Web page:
The JR Saikyo Line is known as one f the most crowed rush hour train in Tokyo. Describing a ride Chie Matsumoto wrote in the Asahi Shimbun: “Hell is probably not as crowded as a commuter train in Tokyo...I was shoved through...the carriage. I was smashed. I was stepped on and squeezed. At last I was devoured....If someone stepped on my foot that meant I had my feet on the floor; I was smacked about I had some room to breathe....I tried not to think about the person breathing hotly — in and out, in and out — on the back of my head.”
Station attendants with white gloves still shove passengers into subways cars on crowded subway lines — as Life magazine showed them doing in the 1960s. The cars often hold more than twice the capacity they have been built for. The most crowded train in Japan is the stretch between Ueno and Okackimachi stations on the JR Keohin Tohuku Line.
Subway and Train Etiquette in Japan
Passengers on subways are expected not to sprawl across their seats, put their feet on the seats, eat or drink on the train (although a lot of people do this), put on their make up, talk on their cell phones or even listen to music on their I-pods. There are even posters that make the point.
There are special seats reserved for elderly people, pregnant women, injured people and women with young children. It is okay for other people to sit on these sas but if someone form he aforementioned groups shows they are expected to give up their sets t them.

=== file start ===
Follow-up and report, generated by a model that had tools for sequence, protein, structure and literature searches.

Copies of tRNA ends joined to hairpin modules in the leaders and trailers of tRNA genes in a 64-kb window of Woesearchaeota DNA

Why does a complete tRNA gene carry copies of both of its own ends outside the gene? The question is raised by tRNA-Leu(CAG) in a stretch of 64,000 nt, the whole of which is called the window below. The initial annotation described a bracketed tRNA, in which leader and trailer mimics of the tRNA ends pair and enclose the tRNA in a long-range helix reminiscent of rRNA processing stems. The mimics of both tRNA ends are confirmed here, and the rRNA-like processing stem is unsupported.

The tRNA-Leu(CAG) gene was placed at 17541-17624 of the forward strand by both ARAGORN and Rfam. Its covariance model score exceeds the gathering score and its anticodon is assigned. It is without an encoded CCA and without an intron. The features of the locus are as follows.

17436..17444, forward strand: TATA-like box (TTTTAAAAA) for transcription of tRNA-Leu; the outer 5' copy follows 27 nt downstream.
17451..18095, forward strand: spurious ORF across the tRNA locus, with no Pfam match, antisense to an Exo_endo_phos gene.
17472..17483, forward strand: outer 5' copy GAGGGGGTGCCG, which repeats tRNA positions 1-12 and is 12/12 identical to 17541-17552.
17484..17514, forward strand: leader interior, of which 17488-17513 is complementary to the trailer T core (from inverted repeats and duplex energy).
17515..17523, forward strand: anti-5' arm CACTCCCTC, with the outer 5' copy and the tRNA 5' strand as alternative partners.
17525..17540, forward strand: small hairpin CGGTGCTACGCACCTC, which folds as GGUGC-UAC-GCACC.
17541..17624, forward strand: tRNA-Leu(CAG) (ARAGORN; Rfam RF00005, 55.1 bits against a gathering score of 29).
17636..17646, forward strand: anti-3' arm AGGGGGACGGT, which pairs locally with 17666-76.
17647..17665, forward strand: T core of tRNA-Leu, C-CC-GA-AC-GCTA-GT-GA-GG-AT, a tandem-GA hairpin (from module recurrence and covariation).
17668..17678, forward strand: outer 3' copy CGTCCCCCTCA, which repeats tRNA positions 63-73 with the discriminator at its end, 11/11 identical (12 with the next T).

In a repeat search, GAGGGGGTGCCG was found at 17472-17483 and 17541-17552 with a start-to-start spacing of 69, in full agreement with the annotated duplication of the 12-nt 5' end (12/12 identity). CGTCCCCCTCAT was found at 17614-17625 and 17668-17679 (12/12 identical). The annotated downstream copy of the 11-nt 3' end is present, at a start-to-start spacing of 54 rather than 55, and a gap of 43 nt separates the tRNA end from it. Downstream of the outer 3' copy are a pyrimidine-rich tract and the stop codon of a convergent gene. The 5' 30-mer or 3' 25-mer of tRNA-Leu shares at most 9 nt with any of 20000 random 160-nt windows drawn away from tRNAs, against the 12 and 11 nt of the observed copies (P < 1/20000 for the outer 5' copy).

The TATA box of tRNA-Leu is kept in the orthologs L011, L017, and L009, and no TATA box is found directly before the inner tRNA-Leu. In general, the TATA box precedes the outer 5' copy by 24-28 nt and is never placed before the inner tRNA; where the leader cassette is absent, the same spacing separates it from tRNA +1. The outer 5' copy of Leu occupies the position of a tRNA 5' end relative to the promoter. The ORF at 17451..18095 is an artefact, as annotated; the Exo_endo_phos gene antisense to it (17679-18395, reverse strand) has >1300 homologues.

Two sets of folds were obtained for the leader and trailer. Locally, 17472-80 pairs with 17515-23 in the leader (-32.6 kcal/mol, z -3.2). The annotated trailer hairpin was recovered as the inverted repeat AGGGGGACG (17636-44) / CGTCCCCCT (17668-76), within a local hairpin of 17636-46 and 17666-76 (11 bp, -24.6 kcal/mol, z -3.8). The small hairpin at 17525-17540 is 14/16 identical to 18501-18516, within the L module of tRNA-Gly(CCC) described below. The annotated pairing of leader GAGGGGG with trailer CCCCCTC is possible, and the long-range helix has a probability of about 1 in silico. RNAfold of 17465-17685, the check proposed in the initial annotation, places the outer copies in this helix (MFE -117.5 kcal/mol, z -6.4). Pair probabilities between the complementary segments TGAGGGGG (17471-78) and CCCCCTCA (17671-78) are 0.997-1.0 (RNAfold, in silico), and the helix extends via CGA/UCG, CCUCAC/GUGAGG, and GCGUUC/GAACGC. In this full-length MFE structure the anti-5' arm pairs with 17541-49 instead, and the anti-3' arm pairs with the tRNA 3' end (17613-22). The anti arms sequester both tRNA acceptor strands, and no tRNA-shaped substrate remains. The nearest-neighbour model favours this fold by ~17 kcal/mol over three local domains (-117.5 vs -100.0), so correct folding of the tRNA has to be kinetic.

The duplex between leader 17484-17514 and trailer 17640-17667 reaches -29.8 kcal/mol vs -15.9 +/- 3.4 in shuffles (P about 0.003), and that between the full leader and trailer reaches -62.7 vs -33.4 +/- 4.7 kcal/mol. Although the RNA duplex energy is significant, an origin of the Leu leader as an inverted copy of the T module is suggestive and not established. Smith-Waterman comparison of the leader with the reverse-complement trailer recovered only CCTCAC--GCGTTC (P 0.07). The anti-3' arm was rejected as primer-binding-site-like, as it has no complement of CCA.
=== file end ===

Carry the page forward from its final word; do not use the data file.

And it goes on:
In Yokohama teams of “courtesy staff” are employed on trains to encourage passengers to give up their seats for elderly or disabled passengers. Each team is accompanied by a security guard to ensure there is no trouble.
Long Commutes in Japan
The average salaryman, who Ozawa described as "commuter slave of commuter hell," spends an average of three and half years commuting to and from work on trains where there isn't even enough space to read. One magazine wrote an article about a salaryman with single worst commute to Tokyo — three and half hours each way.
"Despite the indignity and physical agony, commuters suffer in silence," one newspaper wrote. "there's no room to read a paper or magazine," one commute lamented. "I carry a radio sometimes and listen to the news or music. I'm alone. I don't know anyone on the train. Everyone is like that."
Photographer Peter Menzel lived for a week with a salary man who "wakes up at the last possible second...and walks out the door a 7:28 sharp. he times himself with a little clock on the TV screen. Then he walks to the station, arriving 45 seconds before the train (which is exactly on time, this being Japan).
Employees get commuting expenses. Salarymen who can't make the train often stay at a company dormitory in Tokyo. In there was a trend for people to move into highrises in the city rather than homes in the suburbs. One reason for this is that many people were tired of long commutes.
Service in Japan
Japanese like service and have traditionally been willing to pay for it. Department stores and health clubs have a lots of extra employees that do little more than say hello and goodby to customers and address their often trivial requests. At service stations employees not only pump the gas and clean the windshield and check the oil, they also empty ashtrays, clean the tires, check the transmission fluid and battery, and shout a hardy "”Irashaimase”!" ("Welcome!") when drivers arrive and stop traffic and direct them out when they leave. When oil companies tried to introduce the idea of self-service stations, Japanese customers didn’t go for it.
Service in company and government offices is very good. Generally any person in a department can help you even if you are there at lunch time. The service in shops and department stores in generally also very good Unlike the United States, where you often have to search around for somebody to help, and then they either lack knowledge or have an attitude, in Japan there is usually a lot of eager, friendly and helpful sales staff on hand.